The Black tipped shark (Carcharhinus limbatus), is a large shark, native to the continental and insular shelves of tropical and warm temperate seas around the world including the Galapagos Islands. The black tipped shark is a large, fairly stout shark that is grey in colour and normally has black-tipped fins, hence the name. The black tipped shark has a long, narrow, pointed snout, long gill slits, a large first dorsal fin and fairly large second dorsal.
Like its close relative the spinner shark, the black tipped shark is a fast swimming shark. The black tipped shark is capable not only of breaching (leaping out of the water) but also of rotating (spinning) several times before re-entering the water.The black tipped shark is non-aggressive and would be unlikely to attack humans without being provoked.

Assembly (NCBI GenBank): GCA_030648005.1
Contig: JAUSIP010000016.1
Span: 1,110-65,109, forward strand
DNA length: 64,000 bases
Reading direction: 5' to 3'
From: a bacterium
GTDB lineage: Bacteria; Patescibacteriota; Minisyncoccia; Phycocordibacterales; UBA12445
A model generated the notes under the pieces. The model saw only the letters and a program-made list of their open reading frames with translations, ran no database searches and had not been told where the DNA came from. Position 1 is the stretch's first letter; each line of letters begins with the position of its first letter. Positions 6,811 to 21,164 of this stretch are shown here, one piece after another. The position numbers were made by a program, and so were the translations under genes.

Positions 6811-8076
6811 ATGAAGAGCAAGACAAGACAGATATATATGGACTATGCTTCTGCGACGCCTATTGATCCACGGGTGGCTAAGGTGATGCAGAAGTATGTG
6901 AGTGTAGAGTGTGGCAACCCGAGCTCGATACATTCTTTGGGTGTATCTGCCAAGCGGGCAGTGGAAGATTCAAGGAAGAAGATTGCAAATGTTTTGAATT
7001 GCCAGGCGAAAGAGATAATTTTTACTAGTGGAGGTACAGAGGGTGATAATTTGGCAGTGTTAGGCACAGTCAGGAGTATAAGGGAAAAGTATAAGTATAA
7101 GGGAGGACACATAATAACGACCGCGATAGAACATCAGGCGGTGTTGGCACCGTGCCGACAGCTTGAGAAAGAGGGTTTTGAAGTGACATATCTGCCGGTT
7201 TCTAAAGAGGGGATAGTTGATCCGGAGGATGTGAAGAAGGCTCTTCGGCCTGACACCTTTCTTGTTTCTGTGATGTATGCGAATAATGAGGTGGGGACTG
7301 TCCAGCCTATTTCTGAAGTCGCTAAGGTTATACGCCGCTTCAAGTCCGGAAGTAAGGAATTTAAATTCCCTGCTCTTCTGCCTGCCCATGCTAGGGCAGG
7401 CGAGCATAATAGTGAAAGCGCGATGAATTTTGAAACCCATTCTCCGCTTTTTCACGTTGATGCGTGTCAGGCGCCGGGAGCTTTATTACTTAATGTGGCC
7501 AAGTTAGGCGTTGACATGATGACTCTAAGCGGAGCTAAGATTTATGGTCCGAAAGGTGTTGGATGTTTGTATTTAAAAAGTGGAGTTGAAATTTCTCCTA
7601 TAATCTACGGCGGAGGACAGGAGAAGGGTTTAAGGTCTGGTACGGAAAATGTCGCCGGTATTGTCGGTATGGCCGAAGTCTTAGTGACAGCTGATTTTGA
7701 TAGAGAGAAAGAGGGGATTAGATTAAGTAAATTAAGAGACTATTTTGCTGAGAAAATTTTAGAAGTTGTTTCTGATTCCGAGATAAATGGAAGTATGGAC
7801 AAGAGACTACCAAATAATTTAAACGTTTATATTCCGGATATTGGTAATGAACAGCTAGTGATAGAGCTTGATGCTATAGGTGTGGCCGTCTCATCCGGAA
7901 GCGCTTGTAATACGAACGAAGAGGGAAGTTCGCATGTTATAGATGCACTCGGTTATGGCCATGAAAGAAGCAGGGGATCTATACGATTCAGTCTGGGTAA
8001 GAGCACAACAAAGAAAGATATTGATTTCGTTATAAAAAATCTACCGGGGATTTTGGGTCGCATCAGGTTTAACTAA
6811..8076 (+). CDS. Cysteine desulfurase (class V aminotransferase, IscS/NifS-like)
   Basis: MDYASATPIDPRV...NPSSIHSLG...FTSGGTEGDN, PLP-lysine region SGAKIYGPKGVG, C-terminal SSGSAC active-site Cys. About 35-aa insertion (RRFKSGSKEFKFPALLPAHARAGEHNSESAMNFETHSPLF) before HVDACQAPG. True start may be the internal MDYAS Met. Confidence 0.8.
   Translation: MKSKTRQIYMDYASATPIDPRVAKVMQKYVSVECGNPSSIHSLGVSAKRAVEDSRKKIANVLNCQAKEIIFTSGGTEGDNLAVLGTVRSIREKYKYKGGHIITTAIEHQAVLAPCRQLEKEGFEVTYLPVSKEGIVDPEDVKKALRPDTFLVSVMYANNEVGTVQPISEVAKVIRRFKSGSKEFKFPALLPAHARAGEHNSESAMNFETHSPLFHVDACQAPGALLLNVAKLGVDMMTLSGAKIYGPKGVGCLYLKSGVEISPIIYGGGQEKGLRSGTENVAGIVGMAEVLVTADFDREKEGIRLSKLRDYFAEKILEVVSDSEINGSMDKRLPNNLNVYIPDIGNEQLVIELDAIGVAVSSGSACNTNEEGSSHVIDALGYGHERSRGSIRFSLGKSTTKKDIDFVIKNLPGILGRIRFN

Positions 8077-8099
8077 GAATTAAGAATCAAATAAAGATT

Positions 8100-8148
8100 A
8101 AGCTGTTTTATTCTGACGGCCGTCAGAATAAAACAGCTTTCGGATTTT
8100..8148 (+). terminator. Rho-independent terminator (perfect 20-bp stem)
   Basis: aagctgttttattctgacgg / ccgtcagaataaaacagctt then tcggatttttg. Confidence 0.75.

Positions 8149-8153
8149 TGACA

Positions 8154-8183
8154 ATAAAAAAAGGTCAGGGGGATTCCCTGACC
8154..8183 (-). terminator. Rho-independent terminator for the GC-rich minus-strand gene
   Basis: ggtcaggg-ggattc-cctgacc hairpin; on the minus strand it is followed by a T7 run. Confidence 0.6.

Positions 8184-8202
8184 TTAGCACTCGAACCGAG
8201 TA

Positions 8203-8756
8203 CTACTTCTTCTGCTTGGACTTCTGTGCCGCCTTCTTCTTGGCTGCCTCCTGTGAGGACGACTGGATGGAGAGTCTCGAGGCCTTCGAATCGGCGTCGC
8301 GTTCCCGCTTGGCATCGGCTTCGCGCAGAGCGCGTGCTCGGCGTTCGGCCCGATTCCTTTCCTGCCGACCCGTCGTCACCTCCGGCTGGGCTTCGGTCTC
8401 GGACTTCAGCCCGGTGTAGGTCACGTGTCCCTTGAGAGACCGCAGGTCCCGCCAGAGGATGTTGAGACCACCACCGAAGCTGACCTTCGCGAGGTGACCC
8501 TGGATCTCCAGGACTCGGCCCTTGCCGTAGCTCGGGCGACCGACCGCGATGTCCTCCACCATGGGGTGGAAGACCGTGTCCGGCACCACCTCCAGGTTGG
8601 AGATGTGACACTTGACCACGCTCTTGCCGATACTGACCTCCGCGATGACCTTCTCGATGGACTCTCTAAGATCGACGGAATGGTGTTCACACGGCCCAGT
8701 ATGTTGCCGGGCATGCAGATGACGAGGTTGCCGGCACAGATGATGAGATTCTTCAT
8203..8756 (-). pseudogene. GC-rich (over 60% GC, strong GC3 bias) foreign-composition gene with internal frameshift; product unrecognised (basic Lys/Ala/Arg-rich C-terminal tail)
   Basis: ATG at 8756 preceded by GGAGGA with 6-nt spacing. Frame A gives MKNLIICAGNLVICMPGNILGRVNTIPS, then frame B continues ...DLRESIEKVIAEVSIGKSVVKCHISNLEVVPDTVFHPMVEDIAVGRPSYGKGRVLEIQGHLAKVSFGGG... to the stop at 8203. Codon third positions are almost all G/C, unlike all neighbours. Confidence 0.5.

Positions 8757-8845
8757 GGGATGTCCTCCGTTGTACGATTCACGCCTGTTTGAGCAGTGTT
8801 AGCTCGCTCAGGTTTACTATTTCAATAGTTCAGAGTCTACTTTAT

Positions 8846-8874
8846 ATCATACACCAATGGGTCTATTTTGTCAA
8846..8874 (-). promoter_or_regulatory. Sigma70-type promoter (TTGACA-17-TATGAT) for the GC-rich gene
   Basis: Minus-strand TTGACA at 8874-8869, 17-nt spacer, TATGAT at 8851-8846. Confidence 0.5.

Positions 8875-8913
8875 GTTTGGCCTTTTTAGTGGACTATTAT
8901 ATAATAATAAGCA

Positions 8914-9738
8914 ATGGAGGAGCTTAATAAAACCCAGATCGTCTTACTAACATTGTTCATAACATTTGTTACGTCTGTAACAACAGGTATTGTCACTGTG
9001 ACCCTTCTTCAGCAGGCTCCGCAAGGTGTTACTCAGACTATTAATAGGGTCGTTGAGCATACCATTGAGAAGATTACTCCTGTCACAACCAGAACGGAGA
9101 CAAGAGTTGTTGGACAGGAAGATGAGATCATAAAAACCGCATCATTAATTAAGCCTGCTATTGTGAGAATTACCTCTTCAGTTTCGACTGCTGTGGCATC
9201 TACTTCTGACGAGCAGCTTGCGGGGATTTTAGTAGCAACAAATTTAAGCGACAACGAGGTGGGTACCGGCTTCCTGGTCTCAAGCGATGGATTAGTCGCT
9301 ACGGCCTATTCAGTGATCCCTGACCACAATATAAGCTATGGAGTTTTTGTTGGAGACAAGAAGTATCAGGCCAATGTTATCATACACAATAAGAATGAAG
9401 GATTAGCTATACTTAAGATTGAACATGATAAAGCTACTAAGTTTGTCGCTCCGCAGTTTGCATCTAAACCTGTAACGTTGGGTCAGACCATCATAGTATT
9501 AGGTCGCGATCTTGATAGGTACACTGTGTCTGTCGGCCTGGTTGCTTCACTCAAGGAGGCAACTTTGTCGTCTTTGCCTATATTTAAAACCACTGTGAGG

Black tipped sharks feed mainly on a wide range of bony fish including sardines, herring, mullet, jacks and Spanish mackerel, among others. They also feed upon the young of other sharks including dusky sharks and some cephalopods (mollusks) and crustaceans such as lobsters, crabs, shrimp, crayfish and barnacles.
The gestation period is believed to be 10 to 12 months and females are thought to breed every other year. The black tipped shark is viviparous (embryo develops inside the body of the mother, as opposed to outside in an egg) and has a yolk-sac placenta with 1 – 10 pups per litter.
The Black Tipped sharks conservation status is classed as ‘vulnerable’.
The Black Tipped shark is not to be confused with blacktip reef shark.